Richard Preston, The Wild Trees

Dude. You have so gotta read this book. I mean - dude!

I'm distrustful of my appreciation for this book, Richard Preston's creative nonfiction novel The Wild Trees. The characters are skilfully drawn; the dramatic moments are punched and tangy; the environmental cred of its heroes is difficult to argue. But somehow, it feels to me like a book destined to be a bestseller, taking an easy route through a difficult subject.

Charismatic megafauna: the term was coined to refer to the emphasis on glamorous species rather than keystone species (whales rather than plankton, or pandas rather than ... whatever wee important thing lives near pandas, I don't know). It's a mildly useful shorthand critique of certain environmental discourses, because it suggests a lack of depth in the discourse itself, rather like greenwashing.

I say this because redwoods, in Preston's handling of them, are charismatic megaflora. The largest living things on the planet, with the possible exception of subterranean mycelium complexes, the tallest redwood reaches almost 380 feet, while the biggest is 30 feet across at chest height. The people involved want to talk about lichen varieties, including some which grow only on the oldest known redwood tree and therefore might be linked to particular evolutionary cycles; they admire the huckleberry groves that grow three hundred feet above the ground, and the ability of redwoods to sprout roots from their tops to cannibalize their own water-holding rot; they remark upon bonsai trees of other species that grow atop these giants; they celebrate the sense of scale that the giants bring to their small human lives.

But really, there's a lot of gnarly climbing in this book, dude (intentionally ignorant phrasing, I hope?-ed.), and that's powerfully at odds with the environmental message Preston wants to convey on behalf of his subject trees and people. It's a fun and easy read, which are good things, but it's hard to pay full enough attention to the environmental commentary with the climbing bravado and the mythologizing of discoverers.

Mario Vaden has a very good page, with photo albums, on the Grove of Titans, and I strongly encourage you to go there. I'd place some of his photos here, but they're copyrighted, and without a fair use comment on his page, I'm not going to lift them. I will, however, refer you to YouTube, which includes a short video about the climbing of the very tallest redwood tree. Read the book, by all means, but frankly I'd rather see you donate the $16 ($19 in Canada) to a green organization.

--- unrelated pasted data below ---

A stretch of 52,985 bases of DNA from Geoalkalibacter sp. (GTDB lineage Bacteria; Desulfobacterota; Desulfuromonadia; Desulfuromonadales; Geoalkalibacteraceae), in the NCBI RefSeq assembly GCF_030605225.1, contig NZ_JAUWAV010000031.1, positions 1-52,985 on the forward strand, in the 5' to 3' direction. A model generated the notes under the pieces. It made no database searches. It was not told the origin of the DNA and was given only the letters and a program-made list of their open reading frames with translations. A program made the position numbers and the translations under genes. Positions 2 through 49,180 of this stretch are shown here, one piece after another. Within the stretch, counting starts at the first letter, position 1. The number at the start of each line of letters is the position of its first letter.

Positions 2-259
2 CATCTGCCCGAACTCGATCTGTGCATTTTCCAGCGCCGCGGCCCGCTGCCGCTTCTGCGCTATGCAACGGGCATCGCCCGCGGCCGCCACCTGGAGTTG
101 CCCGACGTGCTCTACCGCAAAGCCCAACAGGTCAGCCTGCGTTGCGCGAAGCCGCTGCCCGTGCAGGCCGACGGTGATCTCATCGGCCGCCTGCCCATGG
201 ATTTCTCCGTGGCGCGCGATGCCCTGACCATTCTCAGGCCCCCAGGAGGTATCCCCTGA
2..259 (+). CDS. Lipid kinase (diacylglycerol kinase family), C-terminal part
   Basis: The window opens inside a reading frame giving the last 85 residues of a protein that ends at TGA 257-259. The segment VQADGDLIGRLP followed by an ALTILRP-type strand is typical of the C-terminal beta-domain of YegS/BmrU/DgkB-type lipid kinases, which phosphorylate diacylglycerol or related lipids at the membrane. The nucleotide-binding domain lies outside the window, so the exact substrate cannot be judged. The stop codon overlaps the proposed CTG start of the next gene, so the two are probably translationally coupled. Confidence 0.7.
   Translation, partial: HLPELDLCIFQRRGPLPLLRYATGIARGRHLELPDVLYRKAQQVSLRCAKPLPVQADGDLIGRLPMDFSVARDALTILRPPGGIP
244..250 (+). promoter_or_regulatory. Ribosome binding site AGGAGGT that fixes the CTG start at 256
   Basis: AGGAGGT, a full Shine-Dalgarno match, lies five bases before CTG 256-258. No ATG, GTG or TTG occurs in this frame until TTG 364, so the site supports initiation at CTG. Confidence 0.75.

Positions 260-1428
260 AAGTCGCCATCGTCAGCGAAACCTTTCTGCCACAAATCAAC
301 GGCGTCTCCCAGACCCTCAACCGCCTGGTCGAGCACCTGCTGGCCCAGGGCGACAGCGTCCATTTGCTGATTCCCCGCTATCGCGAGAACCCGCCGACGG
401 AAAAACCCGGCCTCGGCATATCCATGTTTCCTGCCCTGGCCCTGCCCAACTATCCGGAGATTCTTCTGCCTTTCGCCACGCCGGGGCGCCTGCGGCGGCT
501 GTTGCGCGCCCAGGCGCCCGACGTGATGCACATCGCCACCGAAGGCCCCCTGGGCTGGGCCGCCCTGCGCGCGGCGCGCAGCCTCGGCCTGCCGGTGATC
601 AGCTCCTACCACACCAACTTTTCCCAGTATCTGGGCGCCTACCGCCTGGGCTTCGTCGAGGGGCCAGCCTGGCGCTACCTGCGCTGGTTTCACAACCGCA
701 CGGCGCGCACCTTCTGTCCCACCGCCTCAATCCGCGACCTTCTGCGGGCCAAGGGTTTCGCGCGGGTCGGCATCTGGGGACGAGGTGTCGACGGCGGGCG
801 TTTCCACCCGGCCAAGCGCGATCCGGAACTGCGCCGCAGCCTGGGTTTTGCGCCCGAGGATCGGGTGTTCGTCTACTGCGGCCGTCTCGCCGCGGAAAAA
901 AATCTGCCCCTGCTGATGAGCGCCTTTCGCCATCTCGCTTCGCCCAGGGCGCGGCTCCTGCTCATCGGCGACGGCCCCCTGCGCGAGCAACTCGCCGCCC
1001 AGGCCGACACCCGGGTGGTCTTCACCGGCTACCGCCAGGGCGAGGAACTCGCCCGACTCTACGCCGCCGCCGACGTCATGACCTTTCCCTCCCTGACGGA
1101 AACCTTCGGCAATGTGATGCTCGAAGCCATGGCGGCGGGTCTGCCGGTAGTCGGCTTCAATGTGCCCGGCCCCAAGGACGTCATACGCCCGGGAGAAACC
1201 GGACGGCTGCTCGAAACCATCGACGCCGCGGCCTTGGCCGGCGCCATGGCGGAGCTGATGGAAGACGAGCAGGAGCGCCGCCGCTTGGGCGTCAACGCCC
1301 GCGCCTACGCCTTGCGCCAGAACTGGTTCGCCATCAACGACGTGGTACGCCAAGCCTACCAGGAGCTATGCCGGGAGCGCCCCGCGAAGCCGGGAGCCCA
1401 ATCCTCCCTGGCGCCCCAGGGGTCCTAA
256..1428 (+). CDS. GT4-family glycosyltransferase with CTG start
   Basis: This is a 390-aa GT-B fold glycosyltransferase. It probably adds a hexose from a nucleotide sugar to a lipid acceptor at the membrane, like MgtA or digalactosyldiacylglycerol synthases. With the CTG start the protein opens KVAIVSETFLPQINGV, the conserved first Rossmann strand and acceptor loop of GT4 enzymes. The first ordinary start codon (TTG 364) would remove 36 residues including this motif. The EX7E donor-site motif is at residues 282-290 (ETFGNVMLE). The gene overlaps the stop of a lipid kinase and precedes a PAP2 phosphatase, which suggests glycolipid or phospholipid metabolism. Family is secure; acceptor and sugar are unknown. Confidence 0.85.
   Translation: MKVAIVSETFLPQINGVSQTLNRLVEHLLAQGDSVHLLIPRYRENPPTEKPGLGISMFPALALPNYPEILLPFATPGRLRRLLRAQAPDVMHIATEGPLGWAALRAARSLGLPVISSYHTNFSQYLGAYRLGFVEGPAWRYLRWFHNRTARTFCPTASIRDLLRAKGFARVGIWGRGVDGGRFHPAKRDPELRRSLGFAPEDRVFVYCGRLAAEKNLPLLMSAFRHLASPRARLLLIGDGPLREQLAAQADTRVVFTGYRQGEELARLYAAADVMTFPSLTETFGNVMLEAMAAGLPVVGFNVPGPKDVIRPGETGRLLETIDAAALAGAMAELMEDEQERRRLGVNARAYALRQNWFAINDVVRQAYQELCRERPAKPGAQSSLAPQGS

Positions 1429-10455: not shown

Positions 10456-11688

Comments

fiona-h said…
off topic for this post, but... I am finally reading The Eyre Affair. Thanks for recommending/

You've been a busy blogger lately!
richard said…
I've been a busy reader for the last while - I've been a busy blogger only in the last few days!

And I'm glad you're reading The Eyre Affair: and that you've figured out html tags in comments ;-) Isn't Fforde a hoot to read?
David Leach said…
I may take you up on the offer of giving $20 to the Raincoast Society... and then borrowing Preston's book from you! It has been on my wanna read list since seeing him interviewed, on The Daily Show, I think. Of course, the derring-do of the tree climbers made his book TV-worthy material.

Because Preston is a name widely associated with "The New New Journalism", last week I happened to be reading a paperback copy of The Hot Zone, his book about Ebola-like viruses. I've got an abbreviated attention span that often likes the sugar of adventure writing to make the medicine of environmental science go down, but even I found his first few chapters to be over the top in their gruesomely reconstructed scenes of a man dying from a mysterious virus -- crossing the line from scientific narrative into outright literary snuff. It made me hesitant about what hype I might encounter in The Wild Trees. Still, it sounds like an intriguing book. And I'd like to compare it to something like The Golden Spruce, by John Vaillant, which I found to be an almost perfect welding of mystery narrative and environmental history.
richard said…
David, whenever we manage to meet next for coffee, I'll do my best to remember to bring along The Wild Trees; it's in my office on campus now, so it shouldn't be too difficult.

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